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Practical Standalone Tuning: Hall Sensor

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Hall Sensor


00:00 Unlike a reluctor sensor, the output from a Hall sensor is a square wave that varies between ground and a high voltage.
00:07 You can think of a Hall sensor as a switch that connects to ground every time a tooth goes past the sensor.
00:13 When the Hall sensor isn't connected to ground, the input to the ECU requires a pull-up resistor so that the voltage goes to high state.
00:22 If your ECU has the option of a pull-up resistor on the trigger input, this will need to be turned on for a Hall sensor.
00:29 With a Hall sensor we can select if the ECU will trigger when the signal goes from low to high voltage which is known as rising edge, or when it goes from high voltage to low voltage which is known as falling edge.
00:41 Either edge can be used, and again the default settings for popular engines should not need any adjustment.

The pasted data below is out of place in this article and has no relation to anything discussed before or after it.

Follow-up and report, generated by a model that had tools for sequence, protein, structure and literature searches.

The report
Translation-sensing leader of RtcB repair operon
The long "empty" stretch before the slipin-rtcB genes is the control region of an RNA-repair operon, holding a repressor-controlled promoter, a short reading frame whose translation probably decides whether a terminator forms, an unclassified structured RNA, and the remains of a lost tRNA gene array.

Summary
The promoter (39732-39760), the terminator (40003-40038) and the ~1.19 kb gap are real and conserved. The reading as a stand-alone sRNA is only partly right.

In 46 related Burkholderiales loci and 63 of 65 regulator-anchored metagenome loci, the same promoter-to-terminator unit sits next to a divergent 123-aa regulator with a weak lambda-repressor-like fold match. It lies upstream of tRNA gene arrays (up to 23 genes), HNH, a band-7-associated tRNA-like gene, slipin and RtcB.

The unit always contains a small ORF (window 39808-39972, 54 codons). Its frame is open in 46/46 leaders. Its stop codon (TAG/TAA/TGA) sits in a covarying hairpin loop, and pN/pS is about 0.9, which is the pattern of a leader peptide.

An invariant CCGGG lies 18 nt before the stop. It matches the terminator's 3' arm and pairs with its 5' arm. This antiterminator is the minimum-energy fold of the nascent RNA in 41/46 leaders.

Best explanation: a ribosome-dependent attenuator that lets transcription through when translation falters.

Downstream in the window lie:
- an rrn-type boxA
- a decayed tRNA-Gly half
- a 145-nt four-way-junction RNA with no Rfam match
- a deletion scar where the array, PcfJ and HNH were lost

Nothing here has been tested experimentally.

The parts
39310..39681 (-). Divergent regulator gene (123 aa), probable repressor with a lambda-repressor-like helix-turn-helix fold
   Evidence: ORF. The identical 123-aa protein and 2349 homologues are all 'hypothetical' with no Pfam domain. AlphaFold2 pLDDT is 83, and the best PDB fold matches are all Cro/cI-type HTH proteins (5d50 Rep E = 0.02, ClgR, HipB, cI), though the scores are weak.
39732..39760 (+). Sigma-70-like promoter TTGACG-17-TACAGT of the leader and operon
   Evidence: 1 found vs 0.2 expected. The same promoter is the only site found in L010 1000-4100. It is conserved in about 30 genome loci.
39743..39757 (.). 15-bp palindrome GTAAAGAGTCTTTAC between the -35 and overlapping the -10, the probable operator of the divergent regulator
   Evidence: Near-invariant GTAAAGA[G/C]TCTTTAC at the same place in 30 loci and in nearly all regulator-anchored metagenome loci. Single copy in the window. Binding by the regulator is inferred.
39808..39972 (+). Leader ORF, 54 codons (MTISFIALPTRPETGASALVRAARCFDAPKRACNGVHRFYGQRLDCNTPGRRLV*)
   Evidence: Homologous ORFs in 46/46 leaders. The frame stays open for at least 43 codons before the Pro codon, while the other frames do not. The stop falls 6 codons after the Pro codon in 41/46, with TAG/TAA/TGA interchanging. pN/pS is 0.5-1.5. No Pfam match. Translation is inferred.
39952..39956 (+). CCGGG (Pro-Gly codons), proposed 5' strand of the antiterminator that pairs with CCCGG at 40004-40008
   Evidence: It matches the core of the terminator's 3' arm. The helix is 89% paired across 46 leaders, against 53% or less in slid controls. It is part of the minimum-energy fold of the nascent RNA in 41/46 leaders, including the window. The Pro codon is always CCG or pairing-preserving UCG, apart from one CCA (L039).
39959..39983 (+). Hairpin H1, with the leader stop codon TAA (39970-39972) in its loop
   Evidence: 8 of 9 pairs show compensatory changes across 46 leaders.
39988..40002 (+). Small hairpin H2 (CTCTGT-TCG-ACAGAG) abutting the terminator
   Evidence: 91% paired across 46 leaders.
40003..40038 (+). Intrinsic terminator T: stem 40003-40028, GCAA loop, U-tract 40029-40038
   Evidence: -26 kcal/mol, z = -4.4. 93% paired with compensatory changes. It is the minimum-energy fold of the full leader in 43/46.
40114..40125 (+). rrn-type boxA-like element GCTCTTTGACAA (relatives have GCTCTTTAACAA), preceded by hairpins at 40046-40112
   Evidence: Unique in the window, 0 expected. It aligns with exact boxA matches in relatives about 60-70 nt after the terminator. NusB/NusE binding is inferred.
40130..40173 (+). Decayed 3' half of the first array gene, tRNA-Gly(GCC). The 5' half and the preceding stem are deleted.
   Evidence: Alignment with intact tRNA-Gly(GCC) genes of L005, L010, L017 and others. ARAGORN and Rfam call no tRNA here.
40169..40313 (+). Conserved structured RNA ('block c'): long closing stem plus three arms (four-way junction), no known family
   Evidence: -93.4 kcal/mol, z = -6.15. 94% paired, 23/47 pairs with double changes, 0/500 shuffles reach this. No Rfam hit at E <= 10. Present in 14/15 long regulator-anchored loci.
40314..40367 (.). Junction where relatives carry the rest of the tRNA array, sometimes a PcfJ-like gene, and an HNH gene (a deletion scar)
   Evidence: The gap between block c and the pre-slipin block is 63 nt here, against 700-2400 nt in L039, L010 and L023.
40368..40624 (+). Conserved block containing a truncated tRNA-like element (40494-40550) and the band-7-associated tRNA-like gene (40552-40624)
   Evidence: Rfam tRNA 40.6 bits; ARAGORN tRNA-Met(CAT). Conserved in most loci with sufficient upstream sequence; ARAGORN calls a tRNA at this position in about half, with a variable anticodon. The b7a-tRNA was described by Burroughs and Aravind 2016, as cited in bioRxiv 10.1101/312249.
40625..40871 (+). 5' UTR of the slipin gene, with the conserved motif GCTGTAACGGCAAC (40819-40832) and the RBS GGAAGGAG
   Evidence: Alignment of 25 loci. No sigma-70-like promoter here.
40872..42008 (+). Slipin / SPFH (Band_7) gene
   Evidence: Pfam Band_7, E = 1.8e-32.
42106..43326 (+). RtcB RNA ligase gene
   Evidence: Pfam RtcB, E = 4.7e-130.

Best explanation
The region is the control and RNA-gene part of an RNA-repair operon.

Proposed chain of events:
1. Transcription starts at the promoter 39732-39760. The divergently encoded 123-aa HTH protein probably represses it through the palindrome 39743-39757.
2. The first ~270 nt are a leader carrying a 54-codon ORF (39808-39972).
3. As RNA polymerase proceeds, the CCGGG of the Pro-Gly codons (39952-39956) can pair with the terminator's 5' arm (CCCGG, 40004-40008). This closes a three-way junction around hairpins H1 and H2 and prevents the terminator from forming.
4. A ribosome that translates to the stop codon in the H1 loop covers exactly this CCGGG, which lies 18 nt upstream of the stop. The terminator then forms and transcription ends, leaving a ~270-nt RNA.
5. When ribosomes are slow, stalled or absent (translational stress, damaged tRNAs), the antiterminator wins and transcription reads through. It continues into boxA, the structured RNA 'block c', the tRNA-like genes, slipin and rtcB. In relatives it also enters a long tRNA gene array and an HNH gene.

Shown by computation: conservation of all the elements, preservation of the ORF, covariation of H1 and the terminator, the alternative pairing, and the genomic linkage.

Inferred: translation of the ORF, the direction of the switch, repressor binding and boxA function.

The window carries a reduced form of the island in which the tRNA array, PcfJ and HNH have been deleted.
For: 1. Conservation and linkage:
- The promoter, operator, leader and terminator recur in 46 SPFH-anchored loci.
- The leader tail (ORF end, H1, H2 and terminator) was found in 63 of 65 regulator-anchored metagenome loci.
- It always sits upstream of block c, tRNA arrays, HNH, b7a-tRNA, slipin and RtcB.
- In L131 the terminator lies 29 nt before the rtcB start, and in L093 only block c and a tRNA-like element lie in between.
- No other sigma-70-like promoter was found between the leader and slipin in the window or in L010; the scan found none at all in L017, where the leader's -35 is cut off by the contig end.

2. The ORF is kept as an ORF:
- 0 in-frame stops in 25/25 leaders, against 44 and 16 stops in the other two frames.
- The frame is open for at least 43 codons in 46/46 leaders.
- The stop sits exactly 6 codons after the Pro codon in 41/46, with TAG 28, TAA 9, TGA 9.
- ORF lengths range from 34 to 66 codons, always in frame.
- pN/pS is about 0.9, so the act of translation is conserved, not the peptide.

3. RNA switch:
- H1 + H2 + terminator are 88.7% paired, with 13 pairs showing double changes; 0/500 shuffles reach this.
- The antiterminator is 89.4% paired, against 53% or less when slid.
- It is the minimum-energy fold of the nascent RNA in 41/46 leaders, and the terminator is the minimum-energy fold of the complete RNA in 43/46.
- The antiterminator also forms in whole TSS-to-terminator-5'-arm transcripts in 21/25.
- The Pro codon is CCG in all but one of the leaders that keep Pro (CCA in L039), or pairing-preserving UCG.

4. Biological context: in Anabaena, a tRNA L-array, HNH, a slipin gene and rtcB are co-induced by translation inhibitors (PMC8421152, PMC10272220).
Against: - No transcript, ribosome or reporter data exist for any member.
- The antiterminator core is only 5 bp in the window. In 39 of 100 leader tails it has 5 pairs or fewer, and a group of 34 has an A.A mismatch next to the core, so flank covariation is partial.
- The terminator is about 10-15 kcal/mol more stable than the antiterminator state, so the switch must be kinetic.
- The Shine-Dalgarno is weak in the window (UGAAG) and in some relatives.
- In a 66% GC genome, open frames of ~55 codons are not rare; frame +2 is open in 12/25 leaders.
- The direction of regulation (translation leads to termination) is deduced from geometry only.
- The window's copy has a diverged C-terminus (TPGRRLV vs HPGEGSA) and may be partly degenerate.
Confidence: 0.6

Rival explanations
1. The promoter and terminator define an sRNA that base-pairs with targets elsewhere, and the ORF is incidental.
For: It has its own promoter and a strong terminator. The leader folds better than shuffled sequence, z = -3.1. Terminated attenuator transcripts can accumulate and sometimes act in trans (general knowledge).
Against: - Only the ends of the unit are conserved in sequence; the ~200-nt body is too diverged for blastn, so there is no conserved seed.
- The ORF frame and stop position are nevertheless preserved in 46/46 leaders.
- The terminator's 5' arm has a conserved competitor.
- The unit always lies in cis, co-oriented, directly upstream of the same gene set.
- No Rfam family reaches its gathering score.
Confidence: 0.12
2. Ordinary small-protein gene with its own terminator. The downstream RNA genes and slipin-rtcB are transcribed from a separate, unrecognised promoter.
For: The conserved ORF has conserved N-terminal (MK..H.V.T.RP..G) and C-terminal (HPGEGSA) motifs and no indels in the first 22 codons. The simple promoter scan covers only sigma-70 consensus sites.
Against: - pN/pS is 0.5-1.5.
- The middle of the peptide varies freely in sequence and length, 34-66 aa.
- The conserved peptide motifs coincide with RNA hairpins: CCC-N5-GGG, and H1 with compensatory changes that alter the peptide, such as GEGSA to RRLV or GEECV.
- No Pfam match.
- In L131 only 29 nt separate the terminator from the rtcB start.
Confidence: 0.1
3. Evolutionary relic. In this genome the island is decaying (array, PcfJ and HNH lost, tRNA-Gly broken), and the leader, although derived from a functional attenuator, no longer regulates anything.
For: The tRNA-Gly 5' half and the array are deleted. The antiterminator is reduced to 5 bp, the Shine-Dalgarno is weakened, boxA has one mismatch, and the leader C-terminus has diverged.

00:48 While a Hall sensor is generally a cleaner signal than a reluctor sensor, it still may be susceptible to noise, and for this reason most ECUs provide filtering the same as for a reluctor sensor.
01:00 If you have two trigger inputs on your engine, then the alignment of those sensors with regard to each other is also important.
01:08 This isn't going to be an issue for most factory trigger systems, but if you have devised a custom trigger system, particularly if you are taking RPM from the crankshaft and engine position from the cam, you can get into problems if the proximity of a crank tooth and cam tooth are too close.
01:25 In the perfect world the ECU would like to see the cam tooth occur exactly halfway between two of the crank teeth.
01:33 This makes it nice and easy for the ECU to decide where the cam trigger has occurred.
01:39 If the cam tooth is happening very close to a crank tooth, it's possible at high RPM for the cam belt to stretch slightly and allow the cam tooth to swap to the other side of a crank tooth.
01:50 This will lead to the ECU seeing either too many or not enough crank teeth on an engine cycle.
01:57 This can cause a trigger error.
02:00 The only way to correctly set this is to use an oscilloscope, but this should only be necessary if you're designing a custom trigger setup or modifying an existing factory one.

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